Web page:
Tussock grasslands recovery after fire
A love for the outdoors and botanical ecology lead me to the tussock grasslands of central Otago. I study how the woody component of tussock grasslands systems recover post fire disturbance. My main interests are how well the woody species resprout post fire, and investigating the invertebrate community dynamics in the woody component of the grassland.
Effects of ocean acidification on phytoplankton and bacteria
My name is Hannah Heynderickx. I joined Linn Hoffmann’s lab at the Botany department in the spring 2018 as a PhD candidate. I was born and raised in Belgium where I obtained two Master degrees, one in Biochemistry and Biotechnology (Ghent university, 2014) and one in Marine Science and Management (Free university of Brussels, 2016). During those years of studying I developed a passion for marine microbial ecology.
The aim of my PhD dissertation is to investigate the effect of ocean acidification on phytoplankton and bacterial communities using metagenomics, flow cytometry and FlowCam analysis. The projects used to address this aim focus on identifying microbial communities of hydrothermal vents, kelp forests and a long term time series analysis of microbial communities along the MUNIDA transect off the south east coast of New Zealand.
Physiological, biochemical and molecular tools for understanding storage breakdown disorder expression in kiwifruit
I completed BAppSc majoring in Molecular Biotechnology with a minor in Botany in 2016 at the and a MSc in Plant Biotechnology in 2019 in the Botany Department at the University of Otago. I am currently undertaking a PhD.
My masters and PhD both centred around post-harvest storage of fresh produce with the overall aim of limiting food waste. I am keen to educate people on where their food comes from, how it was produced and what impact that might have on both their health and the world.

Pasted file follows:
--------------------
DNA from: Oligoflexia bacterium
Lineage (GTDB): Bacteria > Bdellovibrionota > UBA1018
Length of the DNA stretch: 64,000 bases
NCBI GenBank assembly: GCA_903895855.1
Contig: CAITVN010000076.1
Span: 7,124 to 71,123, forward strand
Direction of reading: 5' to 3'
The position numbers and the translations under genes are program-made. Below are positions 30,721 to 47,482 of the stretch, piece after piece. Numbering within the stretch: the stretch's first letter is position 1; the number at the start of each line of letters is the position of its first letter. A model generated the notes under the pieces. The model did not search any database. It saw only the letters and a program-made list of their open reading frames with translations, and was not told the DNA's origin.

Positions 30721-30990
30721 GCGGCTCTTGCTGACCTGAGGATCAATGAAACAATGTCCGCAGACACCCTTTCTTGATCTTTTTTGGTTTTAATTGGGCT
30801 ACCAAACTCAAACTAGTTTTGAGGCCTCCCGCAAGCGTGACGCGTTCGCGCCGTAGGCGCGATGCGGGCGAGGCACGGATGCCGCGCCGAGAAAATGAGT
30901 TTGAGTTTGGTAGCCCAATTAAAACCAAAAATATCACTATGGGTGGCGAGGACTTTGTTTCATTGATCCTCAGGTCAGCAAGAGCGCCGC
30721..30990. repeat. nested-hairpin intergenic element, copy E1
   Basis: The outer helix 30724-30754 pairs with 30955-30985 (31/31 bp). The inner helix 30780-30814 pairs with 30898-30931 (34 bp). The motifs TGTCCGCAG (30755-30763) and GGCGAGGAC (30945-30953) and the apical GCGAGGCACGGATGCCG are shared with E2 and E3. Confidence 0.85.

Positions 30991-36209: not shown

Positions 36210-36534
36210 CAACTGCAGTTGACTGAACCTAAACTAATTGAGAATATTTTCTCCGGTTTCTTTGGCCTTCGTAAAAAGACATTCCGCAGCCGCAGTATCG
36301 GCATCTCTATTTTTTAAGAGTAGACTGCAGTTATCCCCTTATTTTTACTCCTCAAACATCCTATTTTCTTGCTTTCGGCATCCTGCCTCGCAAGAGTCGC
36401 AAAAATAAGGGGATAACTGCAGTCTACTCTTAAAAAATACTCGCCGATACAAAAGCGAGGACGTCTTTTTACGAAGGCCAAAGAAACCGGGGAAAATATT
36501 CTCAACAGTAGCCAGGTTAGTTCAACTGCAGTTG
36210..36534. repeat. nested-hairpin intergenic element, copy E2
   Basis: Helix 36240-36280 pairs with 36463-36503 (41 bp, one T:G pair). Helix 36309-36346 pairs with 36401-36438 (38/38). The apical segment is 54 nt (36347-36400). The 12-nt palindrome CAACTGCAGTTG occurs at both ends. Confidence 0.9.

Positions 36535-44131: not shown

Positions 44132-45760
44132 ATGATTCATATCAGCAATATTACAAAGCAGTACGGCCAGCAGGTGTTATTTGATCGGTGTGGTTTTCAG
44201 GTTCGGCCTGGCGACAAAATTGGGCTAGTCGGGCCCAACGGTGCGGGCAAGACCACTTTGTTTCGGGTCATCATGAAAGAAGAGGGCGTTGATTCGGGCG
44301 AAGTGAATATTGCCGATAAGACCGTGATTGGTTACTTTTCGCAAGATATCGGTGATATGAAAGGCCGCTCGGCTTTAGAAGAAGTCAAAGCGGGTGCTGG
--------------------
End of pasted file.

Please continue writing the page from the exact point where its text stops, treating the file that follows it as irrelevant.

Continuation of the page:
Associate Professor David J Burritt is supervising Chelsea's PhD.
Biogeography and evolution of Celmisiinae
Duncan is a PhD candidate interested in systematics, evolution, and biogeography. Duncan is building an evolutionary tree for the subtribe Celmisiinae to update systematic understanding for its clades and species. The tree will then be used to test biogeographic theories and ecological models.
Mānuka's role in beech seedling establishment
MSc student Merissa Strawsine is examining the role of mānuka in facilitating the establishment of native beech species from seed. New Zealand beech species are the only native trees that form associations with ectomycorrhizal (EM) fungi alone. However, the pioneer species mānuka can host EM fungi in addition to the more generalist arbuscular mycorrhizal (AM) fungi. Merissa is examining how fungal diversity on mānuka roots is associated with beech seedling establishment.